Coburn to Congress: ‘The Problem Is Us’
He said government has grown so big that only one government agency actually knows all of its programs.
January 16, 2014 - 12:29 am
WASHINGTON – A push to eliminate waste across government programs has been hindered by Congress’s own failure to do its job, Sen. Tom Coburn (R-Okla.) told a congressional committee last week.
The House Oversight and Government Reform Committee heard testimony from Sens. Coburn and Tom Carper (D-Del.) and representatives from various think tanks about ways to reduce government waste.
As part of the 1993 Government Performance and Results Act, Congress must conduct oversight hearings and hold agencies accountable for meeting program goals. Under the law, agencies are to determine performance metrics for programs together with Congress and ensure those goals are being met.
In 2010, Congress passed the Government Performance and Results Modernization Act that directed the Government Accountability Office (GAO) to produce an annual report on duplication across government. Since then, the GAO has released three annual reviews outlining ways the government can save money by consolidating programs.
“I thought it would embarrass us into acting,” Coburn, said at the hearing, referring to the legislation he sponsored requiring the GAO to produce the report. “Boy, was I wrong. We haven’t done anything.”
Thomas Schatz, president of Citizens Against Government Waste, spoke to the committee about the numerous cases of overlap in federal programs.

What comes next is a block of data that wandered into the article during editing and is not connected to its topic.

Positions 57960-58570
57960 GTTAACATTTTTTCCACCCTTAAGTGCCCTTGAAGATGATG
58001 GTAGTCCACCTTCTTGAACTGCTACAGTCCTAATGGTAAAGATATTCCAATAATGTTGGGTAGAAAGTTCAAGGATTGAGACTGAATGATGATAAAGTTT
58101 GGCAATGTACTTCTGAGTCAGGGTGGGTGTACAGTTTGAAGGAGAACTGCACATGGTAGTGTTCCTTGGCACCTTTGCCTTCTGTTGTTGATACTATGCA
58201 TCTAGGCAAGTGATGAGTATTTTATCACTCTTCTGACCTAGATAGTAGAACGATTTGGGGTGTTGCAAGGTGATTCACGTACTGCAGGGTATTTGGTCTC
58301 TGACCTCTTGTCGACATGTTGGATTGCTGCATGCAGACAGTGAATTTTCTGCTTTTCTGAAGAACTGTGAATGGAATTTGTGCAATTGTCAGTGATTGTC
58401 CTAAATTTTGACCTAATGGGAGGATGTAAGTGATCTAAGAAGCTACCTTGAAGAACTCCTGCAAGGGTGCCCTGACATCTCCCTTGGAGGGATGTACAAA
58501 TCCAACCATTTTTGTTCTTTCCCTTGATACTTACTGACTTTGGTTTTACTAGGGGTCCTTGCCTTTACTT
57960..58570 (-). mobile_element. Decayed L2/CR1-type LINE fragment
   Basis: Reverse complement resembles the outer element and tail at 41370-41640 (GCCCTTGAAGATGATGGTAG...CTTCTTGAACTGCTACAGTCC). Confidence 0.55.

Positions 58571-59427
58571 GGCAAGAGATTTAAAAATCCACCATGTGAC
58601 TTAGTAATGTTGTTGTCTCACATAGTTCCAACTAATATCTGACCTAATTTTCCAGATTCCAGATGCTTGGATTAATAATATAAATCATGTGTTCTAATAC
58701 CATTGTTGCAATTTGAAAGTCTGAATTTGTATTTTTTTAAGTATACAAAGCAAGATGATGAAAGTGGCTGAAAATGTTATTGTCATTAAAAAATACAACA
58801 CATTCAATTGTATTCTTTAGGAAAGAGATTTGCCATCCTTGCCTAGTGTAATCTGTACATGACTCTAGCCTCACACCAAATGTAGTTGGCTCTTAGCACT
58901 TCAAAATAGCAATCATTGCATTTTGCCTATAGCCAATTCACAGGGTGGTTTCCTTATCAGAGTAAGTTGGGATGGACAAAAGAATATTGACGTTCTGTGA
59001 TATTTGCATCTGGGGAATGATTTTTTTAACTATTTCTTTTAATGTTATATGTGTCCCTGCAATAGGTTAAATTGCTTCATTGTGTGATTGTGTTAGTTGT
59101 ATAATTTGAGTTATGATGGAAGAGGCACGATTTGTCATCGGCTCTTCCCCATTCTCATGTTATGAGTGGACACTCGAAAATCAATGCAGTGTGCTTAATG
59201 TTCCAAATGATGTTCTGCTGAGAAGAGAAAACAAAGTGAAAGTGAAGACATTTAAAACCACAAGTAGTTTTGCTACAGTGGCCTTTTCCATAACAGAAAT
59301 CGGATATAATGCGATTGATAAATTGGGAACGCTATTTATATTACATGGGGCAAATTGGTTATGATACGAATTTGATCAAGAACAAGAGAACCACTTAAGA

Schatz said there are 56 programs from 20 different agencies devoted to promoting financial literacy “intended to improve the fiscal acumen of the American people.” Fifteen of those programs cost $30.7 million in fiscal year 2010.
“While it would be funny if it wasn’t so sad, there is no reliable data on the total cost of the financial literacy programs, and a government that itself is going broke is trying to teach others how to balance their checkbooks,” Schatz said in his written testimony.
Coburn recently released his “Waste Book,” an annual compilation of wasteful projects, which identifies frivolous spending on programs that include $3 million spent by NASA to learn how Congress works, and $1 million by the National Endowment for the Humanities over three years to study popular romance in multimedia.
“I’m embarrassed that we, as members of Congress, have allowed this list, with the multitude of programs that are on there, with the duplicity that’s in it, that we haven’t fixed it,” Coburn said. “And we don’t have an excuse. We’re guilty of not doing our jobs.”
Coburn, who is the ranking member of the Homeland Security and Governmental Affairs Committee, said the report contains 100 examples of wasteful and low-priority spending worth about $30 billion.
He said government has grown so big that only one government agency – the Department of Education – actually knows all of its programs.
Rep. Darrell Issa (R-Calif.), the committee’s chairman, promised his support to Carper and Coburn, and said he would guarantee a vote on any bill addressing government waste in his committee.